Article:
Even Apple’s partners don’t know what its streaming TV service will cost

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AirPlay 2
You’ll be able to subscribe to HBO through the Apple TV service but HBO doesn’t know what it’ll cost.
Photo: Apple

If you’re curious about the cost of the Apple TV service set to debut on Monday, you’re in good company: apparently, the media companies that will provide much of the content are almost equally in the dark. 

Still, they think they might know something about Apple’s plans, and it’s good news for users of iPhone, iPad or Mac.

Apple keeping important details under wraps

JPMorgan analyst Alexia Quadrani tried to ferret out Apple’s intentions ahead of the press event  scheduled for March 25 with very limited success: “While we met with several companies participating in Apple’s upcoming video service, none seemed to have a clear sense of what will exactly be announced on Monday,” she wrote in a note to investors. 

That can’t be said of everything related to the upcoming Apple TV service. Quite a bit has already leaked out, like descriptions of its original programs, plus that fact that partnerships with HBO, Showtime and others will play a significant role.

Apple TV: some free, some paid

But there’s at least one huge remaining question: what Apple will charge for its streaming TV service. 

Quadrani has a partial answer based on her discussions with media companies: “There is some consensus however that the product will include free original content plus a number of channels that consumers can purchase or view in one app using a single sign-on.”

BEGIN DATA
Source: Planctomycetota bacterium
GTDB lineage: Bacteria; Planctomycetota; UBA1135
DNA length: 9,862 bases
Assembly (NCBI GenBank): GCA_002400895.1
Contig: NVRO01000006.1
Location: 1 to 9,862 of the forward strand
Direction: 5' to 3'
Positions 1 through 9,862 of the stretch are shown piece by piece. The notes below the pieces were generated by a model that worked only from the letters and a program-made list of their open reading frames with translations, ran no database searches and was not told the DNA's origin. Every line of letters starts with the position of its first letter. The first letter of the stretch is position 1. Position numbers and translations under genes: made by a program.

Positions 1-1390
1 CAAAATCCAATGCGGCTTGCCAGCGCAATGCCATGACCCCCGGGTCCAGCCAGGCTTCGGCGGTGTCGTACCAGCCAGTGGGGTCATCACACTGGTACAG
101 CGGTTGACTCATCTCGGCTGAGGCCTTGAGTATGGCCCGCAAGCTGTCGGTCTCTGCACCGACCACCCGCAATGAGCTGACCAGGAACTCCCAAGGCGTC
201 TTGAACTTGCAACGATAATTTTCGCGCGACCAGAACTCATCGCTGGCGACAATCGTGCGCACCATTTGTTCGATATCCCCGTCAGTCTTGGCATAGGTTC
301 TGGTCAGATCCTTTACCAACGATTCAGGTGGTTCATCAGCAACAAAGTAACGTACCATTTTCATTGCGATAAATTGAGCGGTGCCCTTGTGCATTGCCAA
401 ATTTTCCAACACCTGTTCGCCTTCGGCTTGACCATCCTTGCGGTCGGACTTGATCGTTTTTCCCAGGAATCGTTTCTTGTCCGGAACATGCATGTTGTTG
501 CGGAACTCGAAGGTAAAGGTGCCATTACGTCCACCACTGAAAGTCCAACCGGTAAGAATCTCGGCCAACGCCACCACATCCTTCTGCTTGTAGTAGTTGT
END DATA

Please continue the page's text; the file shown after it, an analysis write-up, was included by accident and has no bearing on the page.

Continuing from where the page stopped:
If true, it means Apple‘s only source of revenue for its new video service might be be a share of the subscription fees paid for other services, like CBS All Access, Starz, etc. There reportedly will be no commercials.

Apple TV for Android or Windows? 

Analyst Tim Nollen from Macquarie weighed in on another important question, whether the Apple TV service  will be available on non-Apple devices or exclusive to computers running iOS, macOS and tvOS. 

“Precedent set by Apple Music would support the former alongside any demands from talent for wider distribution, and making the service available on Android, desktop, and Smart TVs may help drive subs in the near term,” he said in a note to investors. 

However, Nollen and other Macquarie analysts said they “wouldn’t be surprised” if the service is Apple only.

At the very least, recent agreements with TV makers to build in support for AirPlay means shows can be streamed to a variety of large screens. Roku might be included as well.

Via: CNBC and AppleInsider